Q485  Mr Burns: When they have been ghost written, from your experience, does it say anywhere in the document it has been ghost written?

  Dr Boyce: We have to define what you mean by "ghost written". Many professors put their name on the end of a paper written within their own department and they may have very little input into that study.

  Q486  Dr Naysmith: In my experience they always say, "The original idea was mine."

  Dr Boyce: Yes. You could argue that the paper has been ghost written for the professor. The difficult bit is getting a blank sheet of paper into a first draft. Lots of people can do that but the honing and shaping requires input from everybody. Providing the clinicians, the sponsors and everybody has two pennyworth, I do not have any strong feelings about who writes the first draft but I do not call that ghost writing. Some people are better motivated than others at writing up papers.

  Q487  Mr Burns: I recognise that people are very busy but in the non-academic world if a politician, for example, writes his memoirs and they are ghost written it usually says, "Fred Bloggs with Joe Smith." People understand that it is not Fred Bloggs who has written from word one to the last word at the end of the book. If there is a professor who is an acknowledged expert in a particular field of research and his name is put on the document, it will be put on the document for one particular purpose, which is it will seek to give credence to the content of that document because that individual has a reputation for expertise in that field. If that individual has done no work on writing the document and it is the work of others, is that not somewhat misleading and very disingenuous?

  Dr Boyce: Yes, I agree entirely. There are rules about publication and authorship. In that instance you have just cited, it would be quite wrong of that opinion leader, which is the term people in the industry use for someone that is well known and influences prescribing habits, to allow his name to go onto the paper.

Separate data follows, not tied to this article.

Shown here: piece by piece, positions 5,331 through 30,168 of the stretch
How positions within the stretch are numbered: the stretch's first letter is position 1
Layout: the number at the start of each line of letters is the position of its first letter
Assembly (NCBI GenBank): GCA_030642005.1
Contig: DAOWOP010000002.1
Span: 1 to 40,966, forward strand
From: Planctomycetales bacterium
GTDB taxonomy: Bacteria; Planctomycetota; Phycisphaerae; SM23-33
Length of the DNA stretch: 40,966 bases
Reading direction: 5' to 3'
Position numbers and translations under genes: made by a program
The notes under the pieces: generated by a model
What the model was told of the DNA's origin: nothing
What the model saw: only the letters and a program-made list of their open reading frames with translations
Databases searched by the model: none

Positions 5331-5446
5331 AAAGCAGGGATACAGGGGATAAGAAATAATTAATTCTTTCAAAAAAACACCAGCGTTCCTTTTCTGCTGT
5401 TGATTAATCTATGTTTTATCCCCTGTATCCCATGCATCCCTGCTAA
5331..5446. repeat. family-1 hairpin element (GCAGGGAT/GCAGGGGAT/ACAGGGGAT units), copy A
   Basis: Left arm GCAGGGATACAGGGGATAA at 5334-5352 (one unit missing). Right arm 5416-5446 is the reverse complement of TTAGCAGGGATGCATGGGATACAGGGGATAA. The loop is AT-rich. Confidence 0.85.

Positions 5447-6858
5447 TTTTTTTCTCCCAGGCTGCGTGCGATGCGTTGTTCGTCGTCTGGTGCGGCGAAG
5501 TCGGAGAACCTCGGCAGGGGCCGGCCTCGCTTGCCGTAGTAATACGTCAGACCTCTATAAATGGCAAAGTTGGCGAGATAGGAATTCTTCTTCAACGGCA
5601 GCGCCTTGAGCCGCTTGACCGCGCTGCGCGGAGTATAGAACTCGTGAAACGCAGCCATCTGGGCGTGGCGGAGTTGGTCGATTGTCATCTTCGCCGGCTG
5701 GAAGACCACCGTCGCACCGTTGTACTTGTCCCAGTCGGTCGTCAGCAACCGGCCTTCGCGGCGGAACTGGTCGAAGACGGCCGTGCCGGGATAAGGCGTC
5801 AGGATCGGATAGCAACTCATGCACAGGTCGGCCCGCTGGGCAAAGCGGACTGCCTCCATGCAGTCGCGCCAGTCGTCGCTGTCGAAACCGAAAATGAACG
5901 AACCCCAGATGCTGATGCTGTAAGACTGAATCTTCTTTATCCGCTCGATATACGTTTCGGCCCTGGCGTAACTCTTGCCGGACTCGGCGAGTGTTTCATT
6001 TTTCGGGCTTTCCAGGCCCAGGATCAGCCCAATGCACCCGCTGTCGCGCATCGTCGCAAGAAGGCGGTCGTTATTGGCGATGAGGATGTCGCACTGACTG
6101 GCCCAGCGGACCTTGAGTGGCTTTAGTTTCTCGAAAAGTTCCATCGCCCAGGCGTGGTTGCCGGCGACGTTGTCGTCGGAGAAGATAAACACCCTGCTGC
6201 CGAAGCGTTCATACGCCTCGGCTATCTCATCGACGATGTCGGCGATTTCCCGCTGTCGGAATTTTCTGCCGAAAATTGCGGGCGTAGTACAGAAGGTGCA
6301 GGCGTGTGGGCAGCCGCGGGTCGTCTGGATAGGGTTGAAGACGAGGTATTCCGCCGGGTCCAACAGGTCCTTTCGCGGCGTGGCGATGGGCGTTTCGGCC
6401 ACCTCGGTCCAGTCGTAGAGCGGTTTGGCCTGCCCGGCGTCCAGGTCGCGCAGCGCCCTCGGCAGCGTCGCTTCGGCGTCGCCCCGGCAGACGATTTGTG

Q488  Dr Taylor: Mr Kumar, I was pleased to hear you say that if Cancer Research UK are taking part in a combined study with industry you control the study and the design. You insist on publication?

  Mr Kumar: We do, of every trial we fund.

  Q489  Dr Taylor: And the MRC?

  Dr Solari: I believe it is the case for the MRC as well.

  Q490  Dr Taylor: I was very intrigued with Dr Boyce's suggestion that a condition of ethical approval should be that results are published. Is that a feasible condition to put on? Is it practicable?

  Dr Boyce: I believe it is, yes. It is also a requirement of the Declaration of Helsinki, the 2000 version, which has not been recognised under the EU Directive but I think it could be. It is in many protocols. It is also a requirement of good clinical practice that there be within the protocol a statement about publication. If I write the protocol, I always put "if the results merit." Sometimes, despite the fact that they are negative, if you are just doing a single dose rising study to assess tolerability, there is nothing of any scientific value in the study and nobody is really interested in publishing it. It is not hiding it; it just does not merit publication. Maybe when you start to get a randomised trial, which was mentioned by one of the speakers this morning, then obviously I agree it should be published.

  Q491  Dr Taylor: That sort of very early study probably would not have ethical approval.

  Dr Boyce: It would. Every clinical trial has to have ethical approval.

  Q492  Dr Taylor: I thought those were before you got on to the stage of clinical trials.

  Dr Boyce: Under the EU Directive, since 1 May this year, every clinical trial and investigation of a medicinal product, of a potential new medicine, must now have approval of the MHRA and the Research Ethics Committee.

  Q493  Dr Taylor: It would seem to me to be a very simple, straightforward recommendation for us.

  Dr Boyce: Yes. There should be a statement in every protocol. That is good clinical practice. Several years ago I wrote a publication policy for our own company along those lines. Sometimes the pharmaceutical companies are a bit naughty. We do the work but they go off and publish it. They do not tell us. Sometimes they give us recognition but they do not include us amongst the authors. Under the new rules of authorship, that is probably okay but it is very discourteous to publish something that somebody else has done and not tell them. Usually when we publish there is good collaboration. We discuss the paper. We have different interpretations. We come to an agreement about the wording. In the early stages, it is researched. It is in nobody's interests to distort the results in early studies. Everybody wants to know: is this a useful medicine? Does it need to go into late development? If not, it needs to be put in the bin and another one tried.